I got a lot of good times out of reddit though.

    6 votes
  12. skullkid2424
    Link
    I typically am still active in subreddits related to the video game(s) I'm currently playing. And even then, the "primary" subreddit for those games tend to focus on memes or esports discussions -...

    I typically am still active in subreddits related to the video game(s) I'm currently playing. And even then, the "primary" subreddit for those games tend to focus on memes or esports discussions - where I'm typically looking for strategy and discussion.

    For example, I would use...

    And so on and so forth.


    I also have a NSFW account, which actually makes good use of reddit. There are lots of niche subreddits for niche kinks/fetishes/desires - so its very easy to find a relatively small subreddit to contribute to or partake in.

    6 votes
  13. skybrian
    Link
    It depends very much on the group. For example I read the accordion subreddit, occasionally comment to answer a question, and very rarely start a topic. I think that the best strategy is to...

    It depends very much on the group. For example I read the accordion subreddit, occasionally comment to answer a question, and very rarely start a topic.

    I think that the best strategy is to remember that it's ok to read and not post.

    5 votes
  14. [6]
    Algernon_Asimov
    Link
    I post regularly on Reddit, and intend to keep posting for the foreseeable future. I created a subreddit 3 years ago (on a different account) and I am still running it. One thing I told my fellow...

    I post regularly on Reddit, and intend to keep posting for the foreseeable future.

    I created a subreddit 3 years ago (on a different account) and I am still running it. One thing I told my fellow mods is that we have to make sure there is at least one fresh post in our subreddit every single day (because of how Reddit's algorithms work to suppress posts that are more than 24 hours old). We have done that for 3 whole years. We have posted something fresh in our subreddit every day, and I've done the bulk of that work: tracking down relevant articles/videos, and posting them. And I intend to go on doing it.

    Most of my posting on Reddit has been of links, rather than walls of text. If I do write a post, it's usually with a specific subreddit in mind (such as when I used to moderate a sci-fi related subreddit and I would write posts to prompt discussion in the sub).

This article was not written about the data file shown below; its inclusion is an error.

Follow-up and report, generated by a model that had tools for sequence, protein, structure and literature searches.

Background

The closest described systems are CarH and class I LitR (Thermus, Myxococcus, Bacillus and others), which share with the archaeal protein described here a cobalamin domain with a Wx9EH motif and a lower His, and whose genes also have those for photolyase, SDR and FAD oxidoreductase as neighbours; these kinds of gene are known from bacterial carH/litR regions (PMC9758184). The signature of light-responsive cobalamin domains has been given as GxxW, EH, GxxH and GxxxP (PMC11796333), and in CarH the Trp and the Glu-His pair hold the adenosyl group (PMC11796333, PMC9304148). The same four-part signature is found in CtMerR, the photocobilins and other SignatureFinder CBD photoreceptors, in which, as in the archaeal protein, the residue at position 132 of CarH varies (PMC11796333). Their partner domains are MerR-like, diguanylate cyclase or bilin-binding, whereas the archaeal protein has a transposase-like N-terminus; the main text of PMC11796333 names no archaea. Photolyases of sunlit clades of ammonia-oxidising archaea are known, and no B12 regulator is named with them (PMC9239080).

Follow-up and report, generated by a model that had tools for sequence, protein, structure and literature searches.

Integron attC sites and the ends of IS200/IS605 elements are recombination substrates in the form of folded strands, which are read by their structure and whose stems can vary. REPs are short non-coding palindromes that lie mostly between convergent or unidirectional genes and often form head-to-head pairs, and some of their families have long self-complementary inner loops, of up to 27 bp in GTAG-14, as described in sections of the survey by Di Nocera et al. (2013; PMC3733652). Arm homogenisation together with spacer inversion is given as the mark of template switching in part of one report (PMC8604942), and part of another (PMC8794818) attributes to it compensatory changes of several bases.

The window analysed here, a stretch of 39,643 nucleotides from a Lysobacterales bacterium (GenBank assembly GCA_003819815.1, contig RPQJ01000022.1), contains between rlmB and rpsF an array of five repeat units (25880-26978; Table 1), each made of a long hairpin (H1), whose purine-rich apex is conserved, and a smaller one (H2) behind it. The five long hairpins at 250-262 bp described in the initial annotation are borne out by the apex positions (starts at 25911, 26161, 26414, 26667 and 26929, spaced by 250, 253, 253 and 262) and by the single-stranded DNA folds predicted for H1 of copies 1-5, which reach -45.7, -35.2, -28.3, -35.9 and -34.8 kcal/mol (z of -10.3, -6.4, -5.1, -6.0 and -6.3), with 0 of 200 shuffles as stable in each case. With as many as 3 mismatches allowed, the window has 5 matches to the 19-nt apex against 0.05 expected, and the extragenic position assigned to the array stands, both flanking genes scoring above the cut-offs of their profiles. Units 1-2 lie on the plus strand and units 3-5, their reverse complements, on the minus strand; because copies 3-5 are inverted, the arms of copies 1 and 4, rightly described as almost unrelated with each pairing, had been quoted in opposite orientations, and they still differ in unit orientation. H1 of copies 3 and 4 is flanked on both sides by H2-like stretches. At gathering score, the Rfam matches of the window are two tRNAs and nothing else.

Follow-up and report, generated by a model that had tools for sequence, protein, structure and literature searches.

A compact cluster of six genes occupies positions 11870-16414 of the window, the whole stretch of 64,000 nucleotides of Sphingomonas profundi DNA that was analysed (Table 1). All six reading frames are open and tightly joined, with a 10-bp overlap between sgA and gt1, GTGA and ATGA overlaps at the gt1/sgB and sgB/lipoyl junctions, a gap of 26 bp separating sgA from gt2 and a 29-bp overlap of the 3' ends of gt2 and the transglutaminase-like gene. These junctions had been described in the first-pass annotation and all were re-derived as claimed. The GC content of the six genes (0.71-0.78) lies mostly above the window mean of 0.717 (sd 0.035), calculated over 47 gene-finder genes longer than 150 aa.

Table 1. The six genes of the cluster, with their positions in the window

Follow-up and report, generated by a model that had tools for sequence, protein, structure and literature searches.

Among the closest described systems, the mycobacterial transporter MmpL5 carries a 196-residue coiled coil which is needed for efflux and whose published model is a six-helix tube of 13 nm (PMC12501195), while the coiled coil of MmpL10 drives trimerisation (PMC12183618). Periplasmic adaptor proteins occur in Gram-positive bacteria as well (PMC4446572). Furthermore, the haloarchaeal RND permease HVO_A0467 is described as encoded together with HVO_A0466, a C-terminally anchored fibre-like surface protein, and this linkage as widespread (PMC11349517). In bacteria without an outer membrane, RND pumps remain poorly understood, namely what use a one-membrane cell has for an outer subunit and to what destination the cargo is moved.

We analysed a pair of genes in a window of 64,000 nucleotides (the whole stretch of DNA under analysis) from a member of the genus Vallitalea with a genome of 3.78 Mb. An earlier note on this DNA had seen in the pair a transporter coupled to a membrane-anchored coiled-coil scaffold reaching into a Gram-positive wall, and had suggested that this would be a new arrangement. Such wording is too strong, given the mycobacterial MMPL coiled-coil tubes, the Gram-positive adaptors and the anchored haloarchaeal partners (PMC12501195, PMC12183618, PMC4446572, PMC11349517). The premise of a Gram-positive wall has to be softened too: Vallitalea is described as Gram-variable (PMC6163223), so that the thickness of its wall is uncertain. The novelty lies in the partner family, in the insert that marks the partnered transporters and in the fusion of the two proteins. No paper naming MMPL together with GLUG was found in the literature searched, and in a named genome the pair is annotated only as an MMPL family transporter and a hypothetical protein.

As for subreddits which are toxic, I just ignore them. I don't subscribe to them in the first place, or I unsubscribe if a subreddit becomes toxic. I focus only on the good subreddits. I don't see lots of parts of Reddit. The only way I ever knew about "bad" subreddits was when discussion about them turned up somewhere like /r/TheoryOfReddit.

    Finally, as a long-term moderator on Reddit, I know what I can and can't do, and where I can and can't do it. That helps.

    5 votes
    1. [5]
      mrbig
      Link Parent
      I do read the rules of every subreddit where I post, and I also read at least a few threads to get the hang of it (usually much more). I still face random and subjective mod action that makes me...

      Finally, as a long-term moderator on Reddit, I know what I can and can't do, and where I can and can't do it

      I do read the rules of every subreddit where I post, and I also read at least a few threads to get the hang of it (usually much more). I still face random and subjective mod action that makes me frustrated, and less inclined to make an effort to produce good and adequate content in the future. These are not short posts.

      I understand mods are not paid, and that Reddit is not the supreme court, but that is still quite underwhelming.

      2 votes
      1. [4]
        Algernon_Asimov
        Link Parent
        Good moderators shouldn't come across as random and subjective. Find better subreddits with better moderators.

        Good moderators shouldn't come across as random and subjective. Find better subreddits with better moderators.

        3 votes
        1. [2]
          haykam821
          Link Parent
          How do you recommend doing this if the moderators of the “one true sub” ban anyone who mentions smaller, alternative subreddits or participates in them?

          How do you recommend doing this if the moderators of the “one true sub” ban anyone who mentions smaller, alternative subreddits or participates in them?

          1. Algernon_Asimov
            Link Parent
            Don't wait for someone else to post about their subreddit where you can read it. Be proactive and search for their subreddit.